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This feature is available with V3.4 of the software.

The HTTP data connector generates multiple attributes resulting from calling a web service. The connector itself is primarily just a framework for constructing a request to issue using the Apache HttpClient library and processing a response. There is no attempt to standardize a web service interface, but the design is geared towards making simply, templated GET requests and processing XML or JSON result sets using a script. More advanced use cases can be supported by means of pluggable Java interfaces.

Schema Name and Location

This xsi:type is defined by the urn:mace:shibboleth:2.0:resolver schema, located at

General Configuration

The connector marries three essential pieces of configuration to be supplied by the deployer:

  • an HttpClient bean and various security and networking parameters necessary to invoke the web service safely
  • request creation
  • response processing

Two options for request creation exist, one for simple GET requests and one for more complex POST requests with a body. Both rely on a <URLTemplate> element to produce the URL, which can be populated with dependency data much like an LDAP search filter or database query. The POST option also supports a <BodyTemplate> element that can similarly generate a request body based on dependency data, typically JSON or XML. With POST, you also can control caching of results (if a results cache is used) by generating a cache entry key using a <CacheKeyTemplate> element.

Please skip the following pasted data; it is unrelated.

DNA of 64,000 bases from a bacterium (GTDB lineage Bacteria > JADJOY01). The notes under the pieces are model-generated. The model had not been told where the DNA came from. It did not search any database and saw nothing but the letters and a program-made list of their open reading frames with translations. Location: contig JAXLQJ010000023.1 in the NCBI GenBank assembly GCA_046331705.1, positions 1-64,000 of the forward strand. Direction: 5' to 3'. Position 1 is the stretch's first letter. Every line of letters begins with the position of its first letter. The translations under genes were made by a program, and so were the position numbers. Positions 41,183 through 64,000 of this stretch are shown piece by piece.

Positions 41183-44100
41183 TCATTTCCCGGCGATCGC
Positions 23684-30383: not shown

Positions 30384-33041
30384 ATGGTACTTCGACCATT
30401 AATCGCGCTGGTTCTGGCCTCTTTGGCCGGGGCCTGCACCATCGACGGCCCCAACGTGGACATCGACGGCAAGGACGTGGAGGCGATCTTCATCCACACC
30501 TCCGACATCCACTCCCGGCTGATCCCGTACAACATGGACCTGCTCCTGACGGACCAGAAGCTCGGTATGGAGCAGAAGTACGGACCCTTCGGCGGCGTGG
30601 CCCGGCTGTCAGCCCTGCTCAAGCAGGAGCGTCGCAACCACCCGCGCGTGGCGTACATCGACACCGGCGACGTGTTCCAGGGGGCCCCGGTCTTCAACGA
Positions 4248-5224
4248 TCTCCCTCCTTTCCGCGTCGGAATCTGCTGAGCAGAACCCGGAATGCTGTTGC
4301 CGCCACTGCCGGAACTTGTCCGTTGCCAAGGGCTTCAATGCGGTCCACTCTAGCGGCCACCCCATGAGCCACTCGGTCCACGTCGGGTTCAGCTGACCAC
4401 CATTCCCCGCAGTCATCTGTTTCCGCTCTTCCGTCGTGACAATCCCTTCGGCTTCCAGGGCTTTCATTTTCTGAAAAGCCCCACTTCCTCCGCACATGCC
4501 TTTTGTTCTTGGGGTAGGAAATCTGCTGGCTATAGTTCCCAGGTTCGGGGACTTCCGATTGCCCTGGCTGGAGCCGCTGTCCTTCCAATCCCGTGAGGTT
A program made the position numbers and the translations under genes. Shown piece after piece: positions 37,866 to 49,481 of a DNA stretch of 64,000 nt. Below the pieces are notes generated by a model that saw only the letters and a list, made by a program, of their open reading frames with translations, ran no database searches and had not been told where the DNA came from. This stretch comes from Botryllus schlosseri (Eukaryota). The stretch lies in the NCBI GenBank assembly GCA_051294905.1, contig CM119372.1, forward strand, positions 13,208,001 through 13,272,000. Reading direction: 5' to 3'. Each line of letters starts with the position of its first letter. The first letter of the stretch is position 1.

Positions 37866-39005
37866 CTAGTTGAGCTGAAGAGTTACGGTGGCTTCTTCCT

The only supplied implementation for response processing is script-based, using the <ResponseMapping> element to supply a script to produce attribute data from the response body. For efficiency, the implementation assumes that the response processing script can consume the results in real time, and leaves any buffering of the data to the script, should that be necessary. Support is built-in for limiting the size of the data, allowed content types, and HTTP status codes accepted, to address the most common sanity checks.

At minimum, an httpClientRef attribute must be supplied to provide the client runtime bean to use. This will usually if not always be accompanied by an httpClientSecurityParametersRef attribute to supply security settings, although a few shortcut settings are available for certificate authentication use cases. A complete summary and examples can be found on the HttpClientConfiguration page.

Spring beans may be defined either in additionally loaded Spring resources configured into the Attribute Resolver service's resource collection, or in a central location such as global.xml

Caching Behavior